Global environmental challenges
It took just 30 seconds to fell the tree. Hendri, 27, a skinny Indonesian from Central Kalimantan on Borneo island, skilfully wielded the chainsaw more than half his height. The result is a thunderous crash and a tree that is quickly cut into planks on the forest floor near by.
And the reward for this effort? About 125,000 rupiah, or roughly $12 per tree measuring 30 cm or more in diameter. Hendri and the three other members of this local gang of illegal loggers make about $45 a day (not including expenses and bribes) cutting down between 4 and 5 trees and slicing them into planks with a chainsaw, using no protective gear. They work for about 10 days at a stretch.
Their work is tough and highlights the challenge of finding alternative livelihoods in communities surrounding projects that aim to save large areas of forest in the fight against climate change.
Jaws needs help.
Nine shark-attack survivors from five countries headed for the United Nations in New York City to plead the case for shark preservation. U.N. member countries could take this issue up this week as part of an annual resolution on sustainable fisheries. They’ll also be reviewing the Millennium Development Goals — a long-range set of global targets that includes stemming the loss of biodiversity, including sharks.
“I’m very thankful to be alive,” said Krishna Thompson, a Wall Street banker who lost his left leg in a shark attack while visiting the Bahamas in 2001. “I have learned to appreciate all of God’s living creatures. Sharks are an apex predator in the ocean. Whether they continue to live affects how we as people live on this Earth. I feel that one of the reasons why I am alive today is to help the environment and help support shark conservation.”
from Commodity Corner:
A U.N. concession to delegates at this week's climate talks in Bonn to take off jackets and ties due to recent high temperatures may be going to some participants' heads.
Breaking the back of negotiations for a new climate pact after the Kyoto Protocol expires in 2012 is proving hard work even though the talks' chair hopes to have a new negotiating text on the table by the end of the week.
The U.N. panel of climate scientists came under the microscope on Friday by experts named by the United Nations to figure out how to restore faith in its work after errors including an exaggeration of the thaw of the Himalayas.
They’ll have to write clearly, check their findings and avoid overstating their case (sounds like a journalism manual). But how? And are there only isolated slips, or a wider problem? Also, why hasn’t the panel learn more from past controversies?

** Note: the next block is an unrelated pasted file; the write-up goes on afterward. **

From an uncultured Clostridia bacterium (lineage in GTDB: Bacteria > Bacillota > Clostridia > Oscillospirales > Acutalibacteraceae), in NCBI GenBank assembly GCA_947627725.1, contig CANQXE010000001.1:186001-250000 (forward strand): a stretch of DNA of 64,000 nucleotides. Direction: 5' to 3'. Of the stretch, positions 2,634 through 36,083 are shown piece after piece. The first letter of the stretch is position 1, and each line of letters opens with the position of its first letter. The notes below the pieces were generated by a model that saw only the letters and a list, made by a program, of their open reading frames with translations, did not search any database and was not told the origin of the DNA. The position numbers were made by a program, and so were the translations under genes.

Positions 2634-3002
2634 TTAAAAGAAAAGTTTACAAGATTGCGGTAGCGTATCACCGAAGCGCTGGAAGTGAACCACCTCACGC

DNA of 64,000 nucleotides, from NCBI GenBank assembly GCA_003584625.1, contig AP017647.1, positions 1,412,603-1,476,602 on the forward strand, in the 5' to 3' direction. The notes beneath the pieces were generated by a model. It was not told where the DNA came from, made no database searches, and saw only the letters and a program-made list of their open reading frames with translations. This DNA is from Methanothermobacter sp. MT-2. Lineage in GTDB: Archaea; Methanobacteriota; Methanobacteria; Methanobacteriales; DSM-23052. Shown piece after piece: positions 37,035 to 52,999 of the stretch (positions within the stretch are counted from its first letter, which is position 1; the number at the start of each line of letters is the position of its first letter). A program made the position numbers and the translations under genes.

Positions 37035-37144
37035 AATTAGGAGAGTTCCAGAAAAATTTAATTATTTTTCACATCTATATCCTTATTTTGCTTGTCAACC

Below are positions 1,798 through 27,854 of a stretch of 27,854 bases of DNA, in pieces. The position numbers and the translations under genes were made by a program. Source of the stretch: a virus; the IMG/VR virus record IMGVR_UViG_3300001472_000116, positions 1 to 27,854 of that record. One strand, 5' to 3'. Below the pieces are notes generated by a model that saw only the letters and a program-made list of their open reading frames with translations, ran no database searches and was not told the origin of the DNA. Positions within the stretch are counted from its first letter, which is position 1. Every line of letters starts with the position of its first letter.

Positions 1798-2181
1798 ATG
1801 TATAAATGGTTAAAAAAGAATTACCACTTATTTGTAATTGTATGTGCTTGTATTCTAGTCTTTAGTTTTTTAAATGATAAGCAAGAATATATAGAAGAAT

from Global News Journal:
Sweden complained that the recent Copenhagen climate change summit was a "disaster." British Prime Minister Gordon Brown described it as "at best flawed and at worst chaotic." Sudan's U.N. ambassador, Abdalmahmoud Abdalhaleem, dubbed the outcome confirmation of a "climate apartheid." For South Africa it was simply "not acceptable."
U.N. Secretary-General Ban Ki-moon, who for over a year had been urging the 192 members of the United Nations to "seal the deal" in Copenhagen, saw things differently. In a statement issued by his press office, Ban said the two-week meeting had a "successful conclusion with substantive outcomes." Speaking to reporters, the secretary-general expanded on that: "Finally we sealed the deal. And it is a real deal. Bringing world leaders to the table paid off." However, he tempered his praise for the participating delegations by noting that the outcome "may not be everything that everyone hoped for."
The issues are global and urgent, but the bureaucracy can sometimes be mind-bogglingly slow and petty.
After a day of stalled talks, the 193 nations at UN-led climate talks finally met for a plenary to discuss one of the main drafts floating around the summit, just two days (and two hours) from the deadline for a deal.
from The Great Debate UK:
Ahead of a U.N. summit in Copenhagen next month, scepticism is growing that an agreement will be reached on a global climate treaty to replace the Kyoto Protocol, due to expire in 2012.
The protocol set targets aimed at reducing greenhouse gas emissions, which are believed to be responsible for the gradual rise in the Earth's average temperature. Many scientists say that reducing carbon dioxide emissions is key to preventing climate change.
It sounds almost too good to be true: new technology that would be better than carbon neutral — it would be carbon negative, taking more climate-warming carbon dioxide out of the air than factories and vehicles put in. It’s called air capture technology, and Reuters took a look at some promising versions of it on October 1.
This technology is expected to help some of the world’s poorest countries capitalize on any global carbon market, which would put a price on carbon emissions and let rich companies that spew lots of carbon buy carbon credits from poor companies and countries that emit less. The least developed countries emit very little carbon now. But the way the carbon market is set up under the Kyoto Protocol, this puts them at a disadvantage. If you don’t emit a lot it’s tough to get access to financing and clean technology under the current rules.
from Summit Notebook:
Some politicians may be accused of dragging their heels when it comes to dealing with climate change, but you can't say members of the United Nations' Clean Development Mechanism's executive board aren't clocking in the hours.
The Clean Development Mechanism (CDM), an emissions trading scheme under the Kyoto Protocol worth $33 billion last year according to the World Bank, allows companies and countries to outsource their greenhouse gas reduction efforts by investing in clean energy projects in emerging countries like China and India, where making emissions cuts costs less.